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News of Customs office closure met with dismay

October 20, 2014

The announcement on Thursday that the Revenue and Customs (HMRC) office in Newry is to close next year with the loss of almost 100 jobs cast a shadow over the more positive news permeating the city jobs’ front this week (and reported elsewhere in this paper).

HMRC confirmed the closure of Newry, along with 13 other offices, as part of its wider restructuring plan, saying they “no longer fitted with medium to long term business plans.”

Hopes that the 93 staff employed in the Carnbane-based branch will be deployed elsewhere within the Civil Service appear, at least at this stage, remote.

MP for the area, Conor Murphy, says the closure will have a huge impact on the local economy and questioned the accuracy of the staff consultation process.

“HMRC said that they carried out a consultation with staff but it did not meet the full equality requirements.  This closure will have a disproportionate effect on women from a nationalist background but this was not taken into account,” he said.

“The Newry office has been performing very well and the staff there are excellent so this closure does not make sense.”

Mr Murphy says he intends to challenge the Equality Commission that it is satisfied a full consultation process was carried out.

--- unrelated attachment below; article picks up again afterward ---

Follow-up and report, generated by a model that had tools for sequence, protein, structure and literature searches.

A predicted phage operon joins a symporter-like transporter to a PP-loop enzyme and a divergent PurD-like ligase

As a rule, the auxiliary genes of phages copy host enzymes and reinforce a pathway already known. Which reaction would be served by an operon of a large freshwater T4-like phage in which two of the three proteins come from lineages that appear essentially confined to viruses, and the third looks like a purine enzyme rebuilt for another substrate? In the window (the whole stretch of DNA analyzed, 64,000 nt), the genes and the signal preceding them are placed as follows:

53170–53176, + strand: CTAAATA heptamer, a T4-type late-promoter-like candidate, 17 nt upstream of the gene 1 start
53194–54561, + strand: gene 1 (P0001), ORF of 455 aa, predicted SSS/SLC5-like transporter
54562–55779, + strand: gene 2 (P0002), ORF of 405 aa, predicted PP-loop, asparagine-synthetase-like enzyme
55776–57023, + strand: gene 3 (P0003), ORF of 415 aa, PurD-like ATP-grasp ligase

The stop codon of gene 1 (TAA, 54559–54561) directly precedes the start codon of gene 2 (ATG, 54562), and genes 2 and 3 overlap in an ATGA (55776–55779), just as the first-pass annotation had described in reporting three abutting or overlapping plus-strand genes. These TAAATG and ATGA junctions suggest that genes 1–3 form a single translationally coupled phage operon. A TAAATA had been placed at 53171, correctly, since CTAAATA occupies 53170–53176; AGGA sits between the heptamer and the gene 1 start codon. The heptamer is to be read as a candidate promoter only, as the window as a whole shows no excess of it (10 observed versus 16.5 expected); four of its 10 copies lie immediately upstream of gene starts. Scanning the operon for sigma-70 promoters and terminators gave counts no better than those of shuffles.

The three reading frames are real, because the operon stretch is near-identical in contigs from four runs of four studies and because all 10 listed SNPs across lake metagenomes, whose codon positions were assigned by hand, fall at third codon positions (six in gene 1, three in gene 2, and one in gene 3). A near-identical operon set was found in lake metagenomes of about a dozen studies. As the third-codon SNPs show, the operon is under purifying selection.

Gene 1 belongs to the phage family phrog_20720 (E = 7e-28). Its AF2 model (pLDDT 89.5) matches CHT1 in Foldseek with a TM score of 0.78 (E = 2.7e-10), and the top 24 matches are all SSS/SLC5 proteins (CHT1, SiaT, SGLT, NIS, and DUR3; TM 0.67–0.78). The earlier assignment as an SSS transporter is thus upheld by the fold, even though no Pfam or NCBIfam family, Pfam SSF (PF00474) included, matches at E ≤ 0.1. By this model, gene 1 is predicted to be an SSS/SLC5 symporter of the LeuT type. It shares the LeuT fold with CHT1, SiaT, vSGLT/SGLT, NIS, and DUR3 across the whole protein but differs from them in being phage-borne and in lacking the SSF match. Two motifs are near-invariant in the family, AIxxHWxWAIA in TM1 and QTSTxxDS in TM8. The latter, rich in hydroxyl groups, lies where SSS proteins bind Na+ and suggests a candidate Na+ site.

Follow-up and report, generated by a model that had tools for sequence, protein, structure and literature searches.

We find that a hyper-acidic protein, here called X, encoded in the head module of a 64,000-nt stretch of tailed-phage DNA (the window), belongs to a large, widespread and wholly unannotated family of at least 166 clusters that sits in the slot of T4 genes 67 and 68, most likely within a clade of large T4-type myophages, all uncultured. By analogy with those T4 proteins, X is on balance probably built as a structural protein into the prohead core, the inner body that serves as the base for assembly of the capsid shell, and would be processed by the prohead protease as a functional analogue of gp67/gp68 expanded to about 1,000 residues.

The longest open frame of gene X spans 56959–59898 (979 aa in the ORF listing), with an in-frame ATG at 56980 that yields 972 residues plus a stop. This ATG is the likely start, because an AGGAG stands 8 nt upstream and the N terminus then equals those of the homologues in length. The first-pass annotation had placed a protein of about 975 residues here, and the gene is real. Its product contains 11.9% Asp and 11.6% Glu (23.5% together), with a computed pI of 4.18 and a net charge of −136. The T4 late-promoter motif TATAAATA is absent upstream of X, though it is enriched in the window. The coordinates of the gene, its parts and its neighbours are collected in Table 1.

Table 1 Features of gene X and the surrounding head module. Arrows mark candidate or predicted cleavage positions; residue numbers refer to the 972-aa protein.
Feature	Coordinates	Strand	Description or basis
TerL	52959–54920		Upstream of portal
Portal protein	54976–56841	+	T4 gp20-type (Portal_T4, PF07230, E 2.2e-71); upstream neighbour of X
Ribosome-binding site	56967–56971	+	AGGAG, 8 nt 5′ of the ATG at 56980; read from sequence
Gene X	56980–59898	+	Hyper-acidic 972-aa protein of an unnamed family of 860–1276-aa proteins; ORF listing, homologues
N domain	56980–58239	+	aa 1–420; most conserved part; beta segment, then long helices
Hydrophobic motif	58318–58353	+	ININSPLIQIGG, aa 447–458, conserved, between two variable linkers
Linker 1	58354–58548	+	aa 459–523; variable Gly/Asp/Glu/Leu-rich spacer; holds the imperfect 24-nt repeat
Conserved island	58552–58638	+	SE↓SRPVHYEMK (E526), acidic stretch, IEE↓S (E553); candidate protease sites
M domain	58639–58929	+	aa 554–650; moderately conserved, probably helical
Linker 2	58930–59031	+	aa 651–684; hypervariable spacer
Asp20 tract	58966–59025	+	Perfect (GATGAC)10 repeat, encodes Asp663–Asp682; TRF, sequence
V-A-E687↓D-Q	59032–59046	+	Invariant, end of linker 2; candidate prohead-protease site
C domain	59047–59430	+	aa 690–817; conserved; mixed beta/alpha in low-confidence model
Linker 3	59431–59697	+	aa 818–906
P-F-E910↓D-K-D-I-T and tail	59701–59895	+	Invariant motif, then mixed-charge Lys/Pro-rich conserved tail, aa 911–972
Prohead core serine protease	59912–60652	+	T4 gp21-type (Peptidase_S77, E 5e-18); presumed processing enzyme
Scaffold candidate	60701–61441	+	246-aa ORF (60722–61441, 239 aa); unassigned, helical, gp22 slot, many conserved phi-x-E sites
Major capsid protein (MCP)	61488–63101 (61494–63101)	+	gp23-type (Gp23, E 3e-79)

SDLP MLA Dominic Bradley says the move, though not entirely unexpected, is “a devastating blow” for the area.

“From the outset the staff and their Union representatives have been deeply suspicious of HMRC’s intentions.  Indeed both Margaret Ritchie MP and I have been highlighting their concerns right throughout this process.  We believe their consultation process with staff has been deeply flawed and this decision will impact part-time and female workers the most,” Mr Bradley said.

Accusing HMRC of “adding insult to injury” by suggesting staff may be redeployed, he added: “They know that is not possible because of different employment statuses of HMRC staff and the Northern Ireland Civil Service.”

Announcing his intention to contact the Prime Minister David Cameron about the matter, he said, “I am extremely angry and deeply frustrated at this decision and indeed the way the whole process has been handled and for this reason Margaret Ritchie and I are seeking a meeting with David Cameron on this issue, he cannot speak out of both sides of his mouth.  In the one hand say he wants to support the Northern Ireland economy and in the other hand pull jobs out of Newry, his stance just doesn’t add up.”

Meanwhile Ulster Unionist MLA, Danny Kennedy, says he is “bitterly disappointed” describing it as “a very sad day indeed”.

“It is now incumbent on HMRC to make strenuous efforts to redeploy as many of the staff as possible within the civil service and to make proper provision for redundancy and training needs of those who cannot be found posts,” he stated

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